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I'm rather ignorant in both fields, but I would still like to endeavor asking this question. I've just learned that any Lie group is diffeomorphic to a compact Lie group cross $\mathbb{R}^n$. While there is no (to my knowledge) equivalent to diffeomorphic in the group-schemes language, this does have obvious implications about the cohomology of Lie groups (which has an analog in the group-scheme language.)

So: Is there an analog of this theorem for group-schemes? What is it? What can we say?

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For algebraic groups over a perfect field $k$, one has Chevalley's Theorem. It says that every algebraic group $G$ over $k$ contains a unique closed normal linear subgroup $H$ such that $G/H$ is an abelian variety. The abelian variety is the analogue of the compact Lie group, and the linear group $H$ is the analogue of affine space.

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You mean to say that every (connected) linear group over $\mathbb{R}$ is diffeomorphic to $\mathbb{R}^n$? This seems like a stronger version of the theorem that every linear group is rational, but I've never heard of it before. Also, in the theorem you state, is it implied that $H$ is connected? –  James D. Taylor Oct 2 '10 at 16:21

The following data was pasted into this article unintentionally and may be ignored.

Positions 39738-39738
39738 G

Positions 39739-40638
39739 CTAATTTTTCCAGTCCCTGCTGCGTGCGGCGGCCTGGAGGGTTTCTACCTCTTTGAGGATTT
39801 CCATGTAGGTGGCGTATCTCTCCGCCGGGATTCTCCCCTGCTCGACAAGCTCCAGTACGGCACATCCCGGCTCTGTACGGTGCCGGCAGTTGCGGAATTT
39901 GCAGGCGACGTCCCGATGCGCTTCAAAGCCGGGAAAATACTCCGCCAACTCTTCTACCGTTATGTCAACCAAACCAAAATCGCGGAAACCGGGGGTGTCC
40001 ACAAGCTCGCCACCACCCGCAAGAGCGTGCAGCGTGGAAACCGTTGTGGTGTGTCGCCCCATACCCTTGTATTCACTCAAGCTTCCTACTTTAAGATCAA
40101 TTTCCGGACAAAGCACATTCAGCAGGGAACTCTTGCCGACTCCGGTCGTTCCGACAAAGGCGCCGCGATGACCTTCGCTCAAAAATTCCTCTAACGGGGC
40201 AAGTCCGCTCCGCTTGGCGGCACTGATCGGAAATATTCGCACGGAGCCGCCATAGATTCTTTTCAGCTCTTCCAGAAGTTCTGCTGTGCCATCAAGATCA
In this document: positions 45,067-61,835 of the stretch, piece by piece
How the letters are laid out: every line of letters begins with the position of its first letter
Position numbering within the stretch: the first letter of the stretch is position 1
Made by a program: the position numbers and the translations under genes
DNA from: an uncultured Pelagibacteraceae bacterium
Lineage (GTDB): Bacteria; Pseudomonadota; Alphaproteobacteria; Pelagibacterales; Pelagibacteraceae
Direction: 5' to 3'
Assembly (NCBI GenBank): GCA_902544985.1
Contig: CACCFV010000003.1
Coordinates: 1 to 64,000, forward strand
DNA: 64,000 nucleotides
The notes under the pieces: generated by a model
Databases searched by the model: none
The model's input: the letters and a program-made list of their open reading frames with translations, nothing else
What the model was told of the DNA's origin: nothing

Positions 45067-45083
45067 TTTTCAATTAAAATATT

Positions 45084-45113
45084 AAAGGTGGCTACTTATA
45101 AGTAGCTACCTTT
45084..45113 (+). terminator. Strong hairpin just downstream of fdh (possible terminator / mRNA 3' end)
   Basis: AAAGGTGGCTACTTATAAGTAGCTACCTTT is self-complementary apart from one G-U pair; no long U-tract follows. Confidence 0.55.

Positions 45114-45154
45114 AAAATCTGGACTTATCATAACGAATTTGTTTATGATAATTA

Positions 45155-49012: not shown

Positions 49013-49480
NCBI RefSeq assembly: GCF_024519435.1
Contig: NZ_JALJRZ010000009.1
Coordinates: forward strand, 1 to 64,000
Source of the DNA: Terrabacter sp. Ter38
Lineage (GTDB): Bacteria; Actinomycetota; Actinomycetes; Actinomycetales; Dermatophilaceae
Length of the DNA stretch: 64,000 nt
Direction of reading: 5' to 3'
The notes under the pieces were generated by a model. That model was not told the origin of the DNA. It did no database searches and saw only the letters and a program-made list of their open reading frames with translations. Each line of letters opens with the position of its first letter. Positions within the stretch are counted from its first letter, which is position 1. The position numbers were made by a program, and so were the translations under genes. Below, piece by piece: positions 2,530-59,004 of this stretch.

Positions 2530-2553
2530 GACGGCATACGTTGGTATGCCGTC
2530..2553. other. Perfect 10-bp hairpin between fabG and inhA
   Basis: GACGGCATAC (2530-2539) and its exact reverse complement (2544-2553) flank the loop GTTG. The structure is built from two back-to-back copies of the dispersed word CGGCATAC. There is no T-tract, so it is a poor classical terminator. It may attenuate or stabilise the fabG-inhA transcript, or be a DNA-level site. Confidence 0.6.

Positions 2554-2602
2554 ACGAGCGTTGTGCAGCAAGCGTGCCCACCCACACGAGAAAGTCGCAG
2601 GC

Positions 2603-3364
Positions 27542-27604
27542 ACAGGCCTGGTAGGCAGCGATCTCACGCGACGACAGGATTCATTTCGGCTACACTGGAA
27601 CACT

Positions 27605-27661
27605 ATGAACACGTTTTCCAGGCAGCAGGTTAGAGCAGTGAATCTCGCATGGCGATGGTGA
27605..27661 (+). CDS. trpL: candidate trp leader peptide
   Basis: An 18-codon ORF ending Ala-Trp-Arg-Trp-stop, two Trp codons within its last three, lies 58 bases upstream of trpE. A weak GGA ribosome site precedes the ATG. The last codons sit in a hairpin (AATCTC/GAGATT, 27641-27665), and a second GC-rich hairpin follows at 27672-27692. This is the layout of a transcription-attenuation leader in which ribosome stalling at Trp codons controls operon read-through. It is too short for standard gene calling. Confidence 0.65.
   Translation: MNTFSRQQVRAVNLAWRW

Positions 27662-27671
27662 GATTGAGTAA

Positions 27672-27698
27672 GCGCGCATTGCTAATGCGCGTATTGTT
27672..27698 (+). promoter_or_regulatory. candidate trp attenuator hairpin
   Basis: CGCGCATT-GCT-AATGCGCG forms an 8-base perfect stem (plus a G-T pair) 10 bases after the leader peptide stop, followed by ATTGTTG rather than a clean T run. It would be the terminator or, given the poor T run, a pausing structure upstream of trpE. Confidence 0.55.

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@James D. Taylor---what is a "(connected) linear group over $\mathbf{R}$" and what does it mean for such a thing to be diffeomorphic to $\mathbf{R}^n$? For me, GL_1 is a connected linear algebraic group over the reals. It's not diffeomorphic to anything though, because it's not a sensible topological space. Its real points can be given the structure of a sensible topological space---but this space is not connected. So there are issues here. Another example is the restriction of scalars from $\mathbf{C}$ to $\mathbf{R}$ of $GL(1)$; this has real points isomorphic to $\mathbf{C}^\times$. –  Kevin Buzzard Oct 2 '10 at 20:54
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...[ran out of space]...and $\mathbf{C}^\times$ isn't diffeo to $\mathbf{R}^n$ because it isn't simply connected. Perhaps these examples above may help to clarify what your question is. –  Kevin Buzzard Oct 2 '10 at 20:57
    
Yes, thanks Kevin. My question is: in what way does Chevalley's theorem answer the question? It's portrayed as a more general theorem than the one I stated in the question. I'm trying to understand why. In order to relate the two, I assumed that cfranc had it in his mind that $H$ is diff. to $\mathbb{R}^n$. Indeed you're right that there are problems with the definition of "diff." here, and even with "connected". Still -- for his answer to make sense he must have had an idea of how these two things are related in the classical case. –  James D. Taylor Oct 2 '10 at 23:02
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Dear James D. Taylor: It doesn't really answer your question. If $G$ is a conn'd lin. alg. group over field $k$ of char. 0 then qt map $G \rightarrow G/U$ for unipotent radical $U$ admits splitting: $G = L \rtimes U$ over $k$ with conn'd reductive $L$ ("Levi factor"). Now $U$ is $k$-isomorphic to affine space as a variety, and if $G$ does not contain ${\rm{GL}}_1$ as $k$-subgroup and $k = \mathbf{R}$ then $L(\mathbf{R})$ is maximal compact subgp of $G(\mathbf{R})$. A pseudo-answer to your question, perhaps. For conn'd reductive $G$ it says nothing. But what would we want for $G = {\rm{SL}}_2$? –  BCnrd Oct 2 '10 at 23:23

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